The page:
SOUTHERN INDIANA — Putting their own well-being at risk every day are the health care providers treating patients who have been infected with the coronavirus.
Concerns over how well protected those on the front lines are have increased in recent weeks, though, as a shortage of personal protective equipment (PPE) is putting some at risk of acquiring the disease themselves. Medical supplies like masks and gowns have become scarce in some parts of the country, forcing health care professions to turn to homemade masks, bandanas and trash bags.
To bolster stocks locally, groups are rallying to produce PPE, and quickly. At the center of the effort is Jeffersonville workshop Maker13 and owner John Riley.
With the help of community partners, the initiative is set to provide thousands of face shields to local hospitals on a daily basis.
After learning of the push for makers to 3D print medical supplies, Riley decided to utilize the Maker13 space, which closed down due to the virus over a week ago.
“We had a lot of equipment sitting idle,” Riley said. “I wanted to figure out how we could use the 3D lasers and printers, and if we needed to turn on sewing for the facemasks. We tried to figure out how to best use the equipment.”
Plastic shields became the go-to item, since they could extend the life of approved facemasks. Riley then got in touch with officials from the University of Louisville, learning that supplies were getting consumed almost immediately.
Each shield produced through 3D printing took three to five hours to complete. Given the significant demand for the product, Riley knew such a long turnaround wouldn’t be efficient enough.
“I put out a call looking for material and help,” he said. “That’s when we converted the 3D printed file into an injection mold. We took it from 50 or 60 a day to a potential 2,000 a day.”
The reason 3D printing — or additive manufacturing — takes time is because it is essentially plastic accumulating upon itself, with Riley comparing it to a hot glue gun. By switching to injection mold, the process incorporated a cavity made of steel.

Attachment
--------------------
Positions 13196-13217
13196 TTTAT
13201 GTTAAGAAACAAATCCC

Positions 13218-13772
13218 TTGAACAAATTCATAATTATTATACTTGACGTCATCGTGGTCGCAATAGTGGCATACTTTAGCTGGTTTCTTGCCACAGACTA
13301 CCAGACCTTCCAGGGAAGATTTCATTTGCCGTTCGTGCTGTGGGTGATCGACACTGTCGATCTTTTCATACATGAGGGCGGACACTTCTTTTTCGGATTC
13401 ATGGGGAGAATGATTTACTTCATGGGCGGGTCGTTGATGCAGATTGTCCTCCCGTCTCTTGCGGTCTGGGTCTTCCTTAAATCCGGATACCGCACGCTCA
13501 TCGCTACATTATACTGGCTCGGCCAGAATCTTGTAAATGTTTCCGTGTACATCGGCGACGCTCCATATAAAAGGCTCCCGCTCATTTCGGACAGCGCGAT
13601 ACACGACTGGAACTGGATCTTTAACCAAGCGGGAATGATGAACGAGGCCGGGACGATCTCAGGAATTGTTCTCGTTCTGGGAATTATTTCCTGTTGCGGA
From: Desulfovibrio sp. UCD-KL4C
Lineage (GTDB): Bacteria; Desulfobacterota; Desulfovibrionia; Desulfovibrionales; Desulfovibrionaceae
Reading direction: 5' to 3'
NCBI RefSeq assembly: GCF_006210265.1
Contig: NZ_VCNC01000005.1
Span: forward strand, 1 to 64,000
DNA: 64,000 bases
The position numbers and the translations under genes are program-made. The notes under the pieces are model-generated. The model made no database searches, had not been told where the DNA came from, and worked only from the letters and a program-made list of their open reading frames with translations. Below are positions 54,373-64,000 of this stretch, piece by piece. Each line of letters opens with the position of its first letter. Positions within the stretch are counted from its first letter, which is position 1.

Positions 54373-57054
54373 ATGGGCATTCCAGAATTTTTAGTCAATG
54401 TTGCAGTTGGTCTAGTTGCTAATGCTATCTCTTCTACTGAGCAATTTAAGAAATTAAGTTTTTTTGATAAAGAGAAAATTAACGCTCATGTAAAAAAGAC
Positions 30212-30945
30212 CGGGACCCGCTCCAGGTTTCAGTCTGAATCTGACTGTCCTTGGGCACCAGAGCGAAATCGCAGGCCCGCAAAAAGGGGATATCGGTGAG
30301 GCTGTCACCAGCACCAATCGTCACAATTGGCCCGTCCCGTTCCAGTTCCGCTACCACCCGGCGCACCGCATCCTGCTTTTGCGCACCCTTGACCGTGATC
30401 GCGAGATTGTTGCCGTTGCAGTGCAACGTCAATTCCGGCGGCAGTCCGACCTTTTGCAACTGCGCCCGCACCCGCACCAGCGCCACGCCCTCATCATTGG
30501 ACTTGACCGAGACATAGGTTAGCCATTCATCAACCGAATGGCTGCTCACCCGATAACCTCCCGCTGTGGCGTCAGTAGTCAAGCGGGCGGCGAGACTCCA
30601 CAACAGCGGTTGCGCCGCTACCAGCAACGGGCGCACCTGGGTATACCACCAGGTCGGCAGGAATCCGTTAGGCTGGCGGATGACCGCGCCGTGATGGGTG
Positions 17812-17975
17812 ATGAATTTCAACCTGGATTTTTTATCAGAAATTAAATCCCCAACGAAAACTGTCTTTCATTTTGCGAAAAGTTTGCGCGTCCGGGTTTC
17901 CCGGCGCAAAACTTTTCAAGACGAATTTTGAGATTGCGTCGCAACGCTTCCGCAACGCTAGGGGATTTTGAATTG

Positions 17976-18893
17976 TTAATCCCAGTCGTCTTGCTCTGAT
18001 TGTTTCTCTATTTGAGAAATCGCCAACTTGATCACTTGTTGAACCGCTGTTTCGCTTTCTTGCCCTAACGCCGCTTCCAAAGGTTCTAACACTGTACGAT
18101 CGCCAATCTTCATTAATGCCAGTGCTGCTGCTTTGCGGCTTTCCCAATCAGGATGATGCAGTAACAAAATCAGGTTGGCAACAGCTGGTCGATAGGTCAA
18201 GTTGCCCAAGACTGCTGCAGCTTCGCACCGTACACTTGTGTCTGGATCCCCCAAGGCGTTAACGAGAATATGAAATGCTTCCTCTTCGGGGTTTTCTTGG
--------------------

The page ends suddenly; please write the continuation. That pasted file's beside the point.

Melted plastic is then poured into the cavity, taking the form of the mask. This is significantly faster than the hours-long 3D printing process, taking roughly 30 seconds.
But Riley couldn’t do this himself with his gear at Maker13. That’s why he sought the help of Bob Owings and Bart Siener of Owings Patterns and Will Jones of Jones Machine and Tool, who have played a significant role in the production of the shields.
“We wanted to tap into their abilities and use their power to knock these things out,” Riley said. “That’s always been the goal of Maker13, to connect people back to resources. We just have a straight line with some of the resources to reach out to them, knowing their capabilities. They’re able to churn things out really fast.”
The first pieces came off of the mold on Wednesday. By Thursday or Friday, Riley hopes to get production up to 2,000 shields a day.
To help fund the process, Samtec Cares contributed $50,000, with Samtec also contributing material and expertise.
“Maker13 and Samtec have had a long-running relationship,” Samtec general counsel Allen Platt said. “Maker spaces are able to be really nimble in the market and adjust to make something like this in the quick run. The demand for PPE for health care providers is super high right now. For them to identify that need and quickly produce them and get them out is a super example of all the ways folks in the country are finding ways to help.”
With that initial $50,000, Riley said between 20,000 and 30,000 masks will be made. Once the masks are finished, they will be handed off to the University of Louisville for sanitization, where they will then make their way to local hospitals.
The plan as of now is to send 1,500 units to U of L for regional distribution to larger hospital groups, with the other 500 being delivered to facilities in Southern Indiana, like Clark Memorial Health.
In the coming days, Riley will add links to www.maker13.com that will allow people to request equipment or donate to the cause.
“Everyone in the community is looking to help,” he said. “We’re going to focus on producing these first 20,000 to 30,000. If there’s still a need, which I anticipate there will be, we’ll be looking for some funding. If there are people who want to donate, we can facilitate that through Maker13.”